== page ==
–        Class 11: ‘Apparatus for heating, steam generating and cooking, in particular stoves, baking, roasting, grilling, toasting, defrosting and heating devices, water heaters, immersion heaters, refrigerating apparatus, in particular refrigerators, chest freezers, refrigerated cabinets, beverage-cooling apparatus , fridge-freezers, ice-machines and apparatus, sorbet makers and appliances for making ice-cream, drying apparatus, in particular including tumble dryers, laundry drying machines.’

5        According to the examiner, as regards the products listed in paragraph 4 above, the trade mark applied for is descriptive for the purposes of Article 7(1)(c) of Regulation No 207/2009, and devoid of any distinctive character for the purposes of Article 7(1)(b) of the regulation.

6        The applicant lodged an appeal with OHIM under Articles 58 to 64 of Regulation No 207/2009 against the examiner’s decision.

7        By a decision of 22 September 2011 (‘the contested decision’), the First Board of Appeal of OHIM rejected the appeal. Firstly, it held that the relevant public was made up of English-speaking consumers. Secondly, it held that, within the trade mark applied for, the relevant public would distinguish, on the one hand, the element ‘eco’, which it would understand to mean ‘ecological’, and on the other hand, the element ‘door’. Consequently, according to the Board of Appeal, the mark applied for would be perceived by the public as meaning ‘a door the construction and mode of operation of which are ecological’. Thirdly, in so far as the goods listed in paragraph 4 above contain doors and consume energy, the Board of Appeal held that the mark applied for provided information as to their energy efficiency and their ecological character, and were therefore descriptive of their kind, their intended purpose and their nature for the purposes of Article 7(1)(c) of Regulation No 207/2009. Fourthly, in so far as the expression ‘ecodoor’ referred to the fact that the goods covered were equipped with an ecological door, according to the Board of Appeal it did not distinguish the applicant’s goods from those of other undertakings and, as a consequence, was devoid of any distinctive character for the purposes of Article 7(1)(b) of Regulation No 207/2009.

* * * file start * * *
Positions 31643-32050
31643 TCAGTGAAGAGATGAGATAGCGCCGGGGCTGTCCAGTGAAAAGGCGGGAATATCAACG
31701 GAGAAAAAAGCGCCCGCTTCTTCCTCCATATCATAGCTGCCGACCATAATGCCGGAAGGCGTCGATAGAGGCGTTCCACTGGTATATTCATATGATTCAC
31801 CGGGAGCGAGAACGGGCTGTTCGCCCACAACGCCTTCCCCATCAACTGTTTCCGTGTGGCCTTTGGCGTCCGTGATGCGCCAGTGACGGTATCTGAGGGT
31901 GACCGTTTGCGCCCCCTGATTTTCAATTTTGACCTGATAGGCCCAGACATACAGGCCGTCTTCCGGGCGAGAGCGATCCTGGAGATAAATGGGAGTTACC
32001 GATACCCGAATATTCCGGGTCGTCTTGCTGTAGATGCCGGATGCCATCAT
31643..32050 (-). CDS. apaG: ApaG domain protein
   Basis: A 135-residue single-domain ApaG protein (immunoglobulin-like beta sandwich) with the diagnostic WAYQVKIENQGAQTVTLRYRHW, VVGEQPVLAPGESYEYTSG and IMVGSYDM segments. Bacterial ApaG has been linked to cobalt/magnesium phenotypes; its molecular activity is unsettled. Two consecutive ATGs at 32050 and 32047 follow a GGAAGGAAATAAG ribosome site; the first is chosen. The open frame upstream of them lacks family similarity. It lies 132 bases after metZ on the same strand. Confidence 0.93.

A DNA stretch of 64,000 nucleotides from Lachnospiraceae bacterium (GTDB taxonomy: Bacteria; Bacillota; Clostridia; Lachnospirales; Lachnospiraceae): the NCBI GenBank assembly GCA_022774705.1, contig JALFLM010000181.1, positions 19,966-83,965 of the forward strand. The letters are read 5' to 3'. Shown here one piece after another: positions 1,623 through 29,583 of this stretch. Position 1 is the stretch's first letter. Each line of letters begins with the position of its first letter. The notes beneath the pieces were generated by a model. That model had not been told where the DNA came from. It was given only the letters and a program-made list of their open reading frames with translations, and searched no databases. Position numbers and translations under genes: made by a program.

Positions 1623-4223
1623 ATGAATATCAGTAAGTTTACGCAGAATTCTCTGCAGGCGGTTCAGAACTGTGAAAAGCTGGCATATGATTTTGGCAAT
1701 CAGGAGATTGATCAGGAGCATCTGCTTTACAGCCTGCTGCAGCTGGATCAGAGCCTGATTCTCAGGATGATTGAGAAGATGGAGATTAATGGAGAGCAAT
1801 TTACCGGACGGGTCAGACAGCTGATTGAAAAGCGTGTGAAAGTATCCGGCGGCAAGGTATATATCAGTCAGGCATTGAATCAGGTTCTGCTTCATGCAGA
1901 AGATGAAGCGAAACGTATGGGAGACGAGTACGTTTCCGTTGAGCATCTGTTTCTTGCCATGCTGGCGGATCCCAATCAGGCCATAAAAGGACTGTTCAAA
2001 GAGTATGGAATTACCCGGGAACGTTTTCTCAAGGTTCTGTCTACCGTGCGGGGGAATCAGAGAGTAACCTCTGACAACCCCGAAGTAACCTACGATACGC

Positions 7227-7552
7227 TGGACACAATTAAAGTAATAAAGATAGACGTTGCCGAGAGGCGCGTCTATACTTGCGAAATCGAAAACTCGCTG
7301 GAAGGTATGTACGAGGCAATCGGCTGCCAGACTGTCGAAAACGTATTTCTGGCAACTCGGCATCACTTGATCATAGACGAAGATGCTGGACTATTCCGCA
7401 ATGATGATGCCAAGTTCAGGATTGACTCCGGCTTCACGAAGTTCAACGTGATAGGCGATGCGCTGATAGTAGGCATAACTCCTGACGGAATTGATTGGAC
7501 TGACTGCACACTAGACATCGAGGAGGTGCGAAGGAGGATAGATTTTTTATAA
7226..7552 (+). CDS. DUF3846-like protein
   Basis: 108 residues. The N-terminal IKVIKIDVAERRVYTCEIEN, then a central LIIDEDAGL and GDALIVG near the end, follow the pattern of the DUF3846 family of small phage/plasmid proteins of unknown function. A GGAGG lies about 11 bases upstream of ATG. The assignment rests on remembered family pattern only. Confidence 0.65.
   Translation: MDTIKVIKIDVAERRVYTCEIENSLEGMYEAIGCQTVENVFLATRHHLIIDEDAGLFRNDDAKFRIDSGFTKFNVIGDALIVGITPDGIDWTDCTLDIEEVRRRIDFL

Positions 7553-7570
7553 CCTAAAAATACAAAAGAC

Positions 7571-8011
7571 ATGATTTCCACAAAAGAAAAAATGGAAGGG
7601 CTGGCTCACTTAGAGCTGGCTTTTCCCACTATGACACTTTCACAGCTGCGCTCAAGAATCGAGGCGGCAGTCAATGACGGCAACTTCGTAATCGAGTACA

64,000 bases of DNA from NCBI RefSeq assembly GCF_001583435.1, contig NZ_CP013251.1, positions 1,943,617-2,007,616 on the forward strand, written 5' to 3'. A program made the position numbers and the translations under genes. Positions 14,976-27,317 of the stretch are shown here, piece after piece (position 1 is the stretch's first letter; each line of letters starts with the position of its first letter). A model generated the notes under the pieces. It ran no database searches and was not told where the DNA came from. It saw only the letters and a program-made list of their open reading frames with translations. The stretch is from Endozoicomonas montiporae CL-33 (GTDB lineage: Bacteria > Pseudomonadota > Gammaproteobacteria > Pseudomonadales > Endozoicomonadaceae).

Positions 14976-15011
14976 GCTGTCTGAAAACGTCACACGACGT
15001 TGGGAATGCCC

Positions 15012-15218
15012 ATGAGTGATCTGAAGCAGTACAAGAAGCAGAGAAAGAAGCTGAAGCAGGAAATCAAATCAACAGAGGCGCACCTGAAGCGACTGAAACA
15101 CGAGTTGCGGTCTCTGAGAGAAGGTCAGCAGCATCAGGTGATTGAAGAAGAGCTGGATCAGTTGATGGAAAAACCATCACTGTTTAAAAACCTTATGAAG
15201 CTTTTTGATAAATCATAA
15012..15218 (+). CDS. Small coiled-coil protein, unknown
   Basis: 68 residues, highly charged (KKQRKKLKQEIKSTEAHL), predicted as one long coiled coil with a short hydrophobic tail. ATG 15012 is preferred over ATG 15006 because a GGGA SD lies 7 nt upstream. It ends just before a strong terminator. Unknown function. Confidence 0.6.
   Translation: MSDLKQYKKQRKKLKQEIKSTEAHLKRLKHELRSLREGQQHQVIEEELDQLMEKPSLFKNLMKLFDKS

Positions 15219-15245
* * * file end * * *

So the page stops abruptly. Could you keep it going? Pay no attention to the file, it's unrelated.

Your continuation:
Forms of order sought

8        The applicant claims that the Court should:

–        annul the contested decision;

–        order OHIM to pay the costs.

9        OHIM contends that the Court should:

–        dismiss the action;

–        order the applicant to pay the costs.

 Law